Listen up managers, employers or any others who have people working under you. Does your office productivity level have room for improvement? The answer is probably yes. There is almost always room for improvement in office productivity. Now, did you realize that your employees are not solely responsible for work productivity? You probably do, or you wouldn’t be in a position of leadership to begin with. Take a minute to look at a few of these tips to help improve your workplace from the top down. Setting a good example is important, but there is far more to it than that.
Priorities and Goals
Good time management is essential in the best of offices. Setting priorities and letting your employees know the importance of tasks as they are given out can keep them focused on what is expected of them on a daily basis. Go even further and make a list of what tasks are most urgent and you will empower them to get those things done without micromanaging them. Google Tasks provides some excellent tools for making and sharing lists with your employees. These tools are accessible even while they are on the go or while you are also out of the office. Besides that, who doesn’t feel a sense of value and accomplishment in crossing off items on a list as they are completed?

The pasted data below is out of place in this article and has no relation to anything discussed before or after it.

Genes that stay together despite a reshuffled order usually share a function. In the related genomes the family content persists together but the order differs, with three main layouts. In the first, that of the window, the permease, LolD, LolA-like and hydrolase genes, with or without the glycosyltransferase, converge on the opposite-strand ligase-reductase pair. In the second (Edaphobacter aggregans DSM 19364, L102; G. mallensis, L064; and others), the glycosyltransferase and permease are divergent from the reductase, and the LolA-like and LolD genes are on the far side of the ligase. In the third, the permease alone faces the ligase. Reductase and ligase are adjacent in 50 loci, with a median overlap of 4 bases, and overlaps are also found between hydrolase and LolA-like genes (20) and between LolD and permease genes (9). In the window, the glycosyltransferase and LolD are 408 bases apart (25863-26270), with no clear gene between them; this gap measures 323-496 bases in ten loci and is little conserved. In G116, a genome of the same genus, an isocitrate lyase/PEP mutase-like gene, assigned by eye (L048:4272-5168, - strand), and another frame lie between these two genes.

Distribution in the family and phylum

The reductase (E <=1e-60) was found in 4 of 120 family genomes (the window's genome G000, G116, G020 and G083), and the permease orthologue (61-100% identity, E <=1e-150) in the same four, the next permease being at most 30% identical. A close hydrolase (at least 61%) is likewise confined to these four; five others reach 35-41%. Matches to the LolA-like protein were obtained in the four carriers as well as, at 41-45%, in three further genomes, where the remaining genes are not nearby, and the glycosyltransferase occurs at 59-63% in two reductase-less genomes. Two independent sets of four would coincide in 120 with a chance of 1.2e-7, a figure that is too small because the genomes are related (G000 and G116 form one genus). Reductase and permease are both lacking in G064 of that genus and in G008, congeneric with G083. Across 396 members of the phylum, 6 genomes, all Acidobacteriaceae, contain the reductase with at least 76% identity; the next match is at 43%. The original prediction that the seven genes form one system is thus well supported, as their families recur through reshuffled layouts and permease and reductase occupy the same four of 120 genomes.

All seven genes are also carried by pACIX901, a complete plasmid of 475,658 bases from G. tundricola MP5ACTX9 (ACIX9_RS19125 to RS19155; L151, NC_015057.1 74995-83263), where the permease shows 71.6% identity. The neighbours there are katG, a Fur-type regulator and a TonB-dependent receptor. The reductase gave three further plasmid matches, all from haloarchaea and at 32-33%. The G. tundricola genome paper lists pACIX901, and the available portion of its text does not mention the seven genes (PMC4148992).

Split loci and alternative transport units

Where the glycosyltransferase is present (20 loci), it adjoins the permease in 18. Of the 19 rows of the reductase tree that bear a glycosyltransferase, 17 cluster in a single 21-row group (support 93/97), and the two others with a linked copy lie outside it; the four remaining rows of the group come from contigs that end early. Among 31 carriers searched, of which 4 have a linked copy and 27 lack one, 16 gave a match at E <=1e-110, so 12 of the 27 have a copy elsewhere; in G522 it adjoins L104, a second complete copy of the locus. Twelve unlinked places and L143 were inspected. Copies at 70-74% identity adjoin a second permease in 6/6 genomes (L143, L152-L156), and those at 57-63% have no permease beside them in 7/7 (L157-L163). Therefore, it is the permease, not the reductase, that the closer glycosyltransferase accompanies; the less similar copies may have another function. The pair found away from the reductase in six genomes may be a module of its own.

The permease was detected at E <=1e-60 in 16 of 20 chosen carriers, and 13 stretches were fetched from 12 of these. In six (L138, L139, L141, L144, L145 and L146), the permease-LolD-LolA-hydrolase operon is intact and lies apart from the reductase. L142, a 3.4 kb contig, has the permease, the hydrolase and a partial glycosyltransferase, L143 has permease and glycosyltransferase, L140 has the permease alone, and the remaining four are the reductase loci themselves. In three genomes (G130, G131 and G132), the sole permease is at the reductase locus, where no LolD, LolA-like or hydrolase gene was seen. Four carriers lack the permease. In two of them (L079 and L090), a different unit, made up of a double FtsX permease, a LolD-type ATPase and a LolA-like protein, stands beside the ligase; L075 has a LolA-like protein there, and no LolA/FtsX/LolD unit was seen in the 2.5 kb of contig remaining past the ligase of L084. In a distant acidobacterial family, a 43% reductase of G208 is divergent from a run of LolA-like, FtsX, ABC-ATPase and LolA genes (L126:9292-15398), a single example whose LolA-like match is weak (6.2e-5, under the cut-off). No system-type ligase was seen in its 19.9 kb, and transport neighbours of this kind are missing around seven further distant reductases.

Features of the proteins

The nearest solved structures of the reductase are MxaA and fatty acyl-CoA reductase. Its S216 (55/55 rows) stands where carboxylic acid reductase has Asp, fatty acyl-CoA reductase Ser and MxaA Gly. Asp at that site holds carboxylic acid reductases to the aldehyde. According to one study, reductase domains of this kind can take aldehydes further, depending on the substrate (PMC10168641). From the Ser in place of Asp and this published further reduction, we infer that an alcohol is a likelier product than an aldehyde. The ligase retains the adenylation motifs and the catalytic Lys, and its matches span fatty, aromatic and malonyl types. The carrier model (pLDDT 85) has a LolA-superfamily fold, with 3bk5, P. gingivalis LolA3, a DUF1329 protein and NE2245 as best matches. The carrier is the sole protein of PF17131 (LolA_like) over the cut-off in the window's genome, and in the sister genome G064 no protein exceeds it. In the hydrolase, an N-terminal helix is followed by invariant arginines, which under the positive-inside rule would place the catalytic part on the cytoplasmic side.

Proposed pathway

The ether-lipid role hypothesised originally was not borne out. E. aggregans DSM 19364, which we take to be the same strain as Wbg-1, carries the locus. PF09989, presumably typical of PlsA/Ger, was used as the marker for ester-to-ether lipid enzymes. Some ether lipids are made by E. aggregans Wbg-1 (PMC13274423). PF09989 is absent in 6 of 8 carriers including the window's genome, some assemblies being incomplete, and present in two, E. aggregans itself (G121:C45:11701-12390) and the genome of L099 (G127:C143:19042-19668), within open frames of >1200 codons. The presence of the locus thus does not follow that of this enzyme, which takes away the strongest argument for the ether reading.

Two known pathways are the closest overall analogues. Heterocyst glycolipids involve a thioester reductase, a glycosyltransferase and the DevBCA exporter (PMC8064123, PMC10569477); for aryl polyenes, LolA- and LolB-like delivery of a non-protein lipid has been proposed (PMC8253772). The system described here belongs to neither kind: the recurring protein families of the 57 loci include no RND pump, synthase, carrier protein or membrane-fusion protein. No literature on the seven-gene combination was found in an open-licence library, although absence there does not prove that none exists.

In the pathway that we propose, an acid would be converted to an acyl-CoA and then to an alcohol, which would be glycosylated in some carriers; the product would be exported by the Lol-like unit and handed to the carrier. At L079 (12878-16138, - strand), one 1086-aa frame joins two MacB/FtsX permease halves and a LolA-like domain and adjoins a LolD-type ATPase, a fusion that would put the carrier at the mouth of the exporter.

Setting feasible goals is another way to keep employees motivated. Setting goals with deadlines is even better. Some of the tasks on the to-do lists you create should take more than a day, a week or even a month to complete. With long-term goals, your employees will have more of a tendency to be satisfied than those who have lower expectations placed on them to begin with.
Breaks and Distractions
Frequent times away from computer screens or desks can improve productivity more than you might imagine. Simply walking to the water cooler can get the blood flowing, get eyes rested and encourage collaboration if break times are shared with other employees. Returning to the tasks (or problems) at hand with fresh eyes and a cleared mind can make those tasks seem easier thus get done more quickly.
Social media sites take up a collective 12.2 billion hours of time in the course of a day. Add email checks and Wikipedia look-ups into that and the average person is checking one of these sites every 5 minutes. Get unplugged! Encourage set times for checking emails so that this task doesn’t lead to other social sites and eat up all of your employees time.
Good leadership starts with setting a good example. If you are already doing that, what are some other tips you have found helpful to improve your office’s productivity levels?